This inspired the analogy to an engine that embodies semiotic processes. Over time, I lost sight of my initial premise. It took until January 20103 to realize that various authors arguing in favor of the semiotic machine terminology are advancing an understanding of semiotics that is not mine. Indeed, only for those who equate information processes and semiotic processes does this expression appear as justified. Moreover, only for those who see no difference between the living and the physical does the reduction to the machine (going back to Descartes) make sense. This is not my case. The mathematical proof of the equivalence between the dynamic definition of the sign and fuzzy automata was, at best, a starting point for further elaborations that led me to anticipatory systems (anticipation).

The information processing machine embodies our understanding of the world of action-reaction. It does not know what uncertainty is, although it knows a lot about probability. The semiotic machine (more a formal analogy than a physical realization) is the expression of questions concerning anticipation. Such a “machine” is non- deterministic, has at least two clocks, and is highly adaptive and goal driven (teleological). With this in mind, I realize that the varieties of understandings associated with those I mentioned above corresponds to fundamental positions that are not reconcilable. In a remarkable contribution (Hong, 2007), Sungook Hong framed the subject of the relation between “Man and Machine in the 1960s” a very broad perspective. There is no need to quote here, at length, Norbert Wiener, Heinz von Foerster, Mansfield Clynes, Nathan Kline (to whom we owe the term cyborg), Erich Fromm, Jacques Ellul, Lewis Mumford, John Kenneth Galbraith, and others. But there is a definite need to become aware of the distinction that François Jacob (1974) made between the physical world and that of the living: one of information processes, the other with the added dimension of semiotic processes—and their inherent uncertainty. Simple machines (Rosen’s terminology, 1985, p. 111) “do not make errors,” complex machines can behave erroneously (disease is such a behavior). In its von Neumann- Turing embodiment, the computer is a deterministic machine. Different modes of computation are extremely seductive, but not yet available. The deterministic machine works below the threshold of complexity associated with the living (and with anticipation as a necessary characteristic of existence. Semiotic activity corresponds to complexity. Below the threshold of the living, we deal with pseudo-signs and not with signs (if you still want to focus on signs and not on representations).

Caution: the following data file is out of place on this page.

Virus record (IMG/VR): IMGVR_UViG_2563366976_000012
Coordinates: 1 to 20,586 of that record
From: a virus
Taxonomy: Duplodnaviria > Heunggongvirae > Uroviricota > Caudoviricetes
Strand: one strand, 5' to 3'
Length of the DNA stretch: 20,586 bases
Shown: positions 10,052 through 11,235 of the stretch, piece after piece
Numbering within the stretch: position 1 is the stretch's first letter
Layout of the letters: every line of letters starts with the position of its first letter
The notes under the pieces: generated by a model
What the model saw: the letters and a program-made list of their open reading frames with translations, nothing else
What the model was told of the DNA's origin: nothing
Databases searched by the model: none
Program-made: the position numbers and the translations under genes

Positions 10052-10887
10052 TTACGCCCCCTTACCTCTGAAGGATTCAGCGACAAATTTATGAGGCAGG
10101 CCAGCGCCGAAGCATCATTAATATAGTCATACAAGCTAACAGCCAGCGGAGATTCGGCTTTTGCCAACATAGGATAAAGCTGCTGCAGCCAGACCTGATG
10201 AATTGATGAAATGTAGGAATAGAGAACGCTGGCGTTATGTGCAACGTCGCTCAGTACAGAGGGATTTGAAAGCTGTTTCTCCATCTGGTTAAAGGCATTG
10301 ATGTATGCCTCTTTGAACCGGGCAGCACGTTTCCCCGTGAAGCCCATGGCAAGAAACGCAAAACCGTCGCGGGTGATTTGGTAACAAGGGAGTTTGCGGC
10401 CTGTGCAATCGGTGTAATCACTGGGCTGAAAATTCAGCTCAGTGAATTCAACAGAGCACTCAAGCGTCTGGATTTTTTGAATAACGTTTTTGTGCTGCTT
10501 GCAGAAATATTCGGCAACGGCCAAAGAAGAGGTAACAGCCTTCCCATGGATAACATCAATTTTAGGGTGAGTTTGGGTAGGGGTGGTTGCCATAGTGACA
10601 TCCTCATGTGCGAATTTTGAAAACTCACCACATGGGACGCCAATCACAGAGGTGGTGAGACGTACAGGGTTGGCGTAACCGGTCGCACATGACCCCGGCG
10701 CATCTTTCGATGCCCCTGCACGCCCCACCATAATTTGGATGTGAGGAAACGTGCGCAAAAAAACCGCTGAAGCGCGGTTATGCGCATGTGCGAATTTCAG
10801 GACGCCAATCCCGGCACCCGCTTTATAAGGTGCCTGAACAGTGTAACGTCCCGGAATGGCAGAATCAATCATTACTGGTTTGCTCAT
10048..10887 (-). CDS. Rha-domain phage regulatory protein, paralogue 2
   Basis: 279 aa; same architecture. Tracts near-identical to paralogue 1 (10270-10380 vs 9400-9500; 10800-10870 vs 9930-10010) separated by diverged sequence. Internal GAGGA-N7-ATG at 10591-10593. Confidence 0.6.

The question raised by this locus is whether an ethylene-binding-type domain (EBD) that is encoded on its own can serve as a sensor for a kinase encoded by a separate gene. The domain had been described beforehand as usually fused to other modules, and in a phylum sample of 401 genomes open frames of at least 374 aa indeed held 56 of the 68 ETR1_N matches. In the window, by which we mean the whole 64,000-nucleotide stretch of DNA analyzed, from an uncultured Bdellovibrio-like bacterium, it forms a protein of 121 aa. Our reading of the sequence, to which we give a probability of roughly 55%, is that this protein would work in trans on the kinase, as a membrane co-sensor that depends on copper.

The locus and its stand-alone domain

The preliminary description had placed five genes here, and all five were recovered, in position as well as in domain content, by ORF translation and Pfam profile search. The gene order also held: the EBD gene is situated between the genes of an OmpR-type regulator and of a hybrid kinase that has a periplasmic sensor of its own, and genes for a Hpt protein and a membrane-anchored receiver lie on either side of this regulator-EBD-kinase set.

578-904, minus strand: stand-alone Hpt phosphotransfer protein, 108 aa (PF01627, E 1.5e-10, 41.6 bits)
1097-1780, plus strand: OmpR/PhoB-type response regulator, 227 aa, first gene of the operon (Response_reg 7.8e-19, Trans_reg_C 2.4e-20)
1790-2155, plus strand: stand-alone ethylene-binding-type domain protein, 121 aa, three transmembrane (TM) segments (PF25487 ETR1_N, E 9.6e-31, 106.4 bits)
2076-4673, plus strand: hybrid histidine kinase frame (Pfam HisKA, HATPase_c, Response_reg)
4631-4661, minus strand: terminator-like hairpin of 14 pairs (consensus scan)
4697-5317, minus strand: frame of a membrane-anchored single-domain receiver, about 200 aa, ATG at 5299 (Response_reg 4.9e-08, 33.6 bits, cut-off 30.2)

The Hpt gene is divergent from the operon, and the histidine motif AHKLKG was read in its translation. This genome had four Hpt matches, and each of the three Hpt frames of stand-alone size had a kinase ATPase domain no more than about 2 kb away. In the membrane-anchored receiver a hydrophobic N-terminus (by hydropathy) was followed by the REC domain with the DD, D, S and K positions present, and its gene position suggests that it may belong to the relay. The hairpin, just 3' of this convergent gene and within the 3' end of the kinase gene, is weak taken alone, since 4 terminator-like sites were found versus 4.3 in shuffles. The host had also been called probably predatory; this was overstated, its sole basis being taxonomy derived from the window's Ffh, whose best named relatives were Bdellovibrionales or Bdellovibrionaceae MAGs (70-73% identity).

Researchers of molecular computing (Tadashi Nakano of UC-Irving, Miles Pierce of Caltech, John Reif of Duke University, among others) entertain the hope of synthesizing living machines (see Kroeker, 2008). Turing’s autonomous self- structuring seems appropriate to dealing with living computation. Embedded or not in human bodies, it is an expression of connecting metabolism and representation, that is, information and semiotic processes embodied in meaningful information.

Of course, before any other step ahead is made, we need to further define our terminology. In this sense, for me semiotics does not have as its subject the often misused concept (entity) called the sign. Rather, focusing on the sign, defined in a variety of ways (some better justified than others), semiotics ends up as an ill-defined discipline. The characteristic of semiotics, as Hausdorff understood and as Cassirer argued for is re-presentation. The fact that the means of representation can be called signs, or be defined as signs, is less relevant than the essential functions of semiotics. In close relation to representation is the function of interpretation through which meaning is conjured. Moreover, representations are subject to further representation, to operations on representations, to interpretations that in turn become new representations, and so on. Sign is as good a placeholder as numbers are in mathematics. But no more than that. They do not relate to interactions, which are the main characteristic of the living. In particular, mind interactions are defining: We automatically read minds all the time, we probe the future, we are in anticipation (which is different from we anticipate, a verb that actually makes no sense).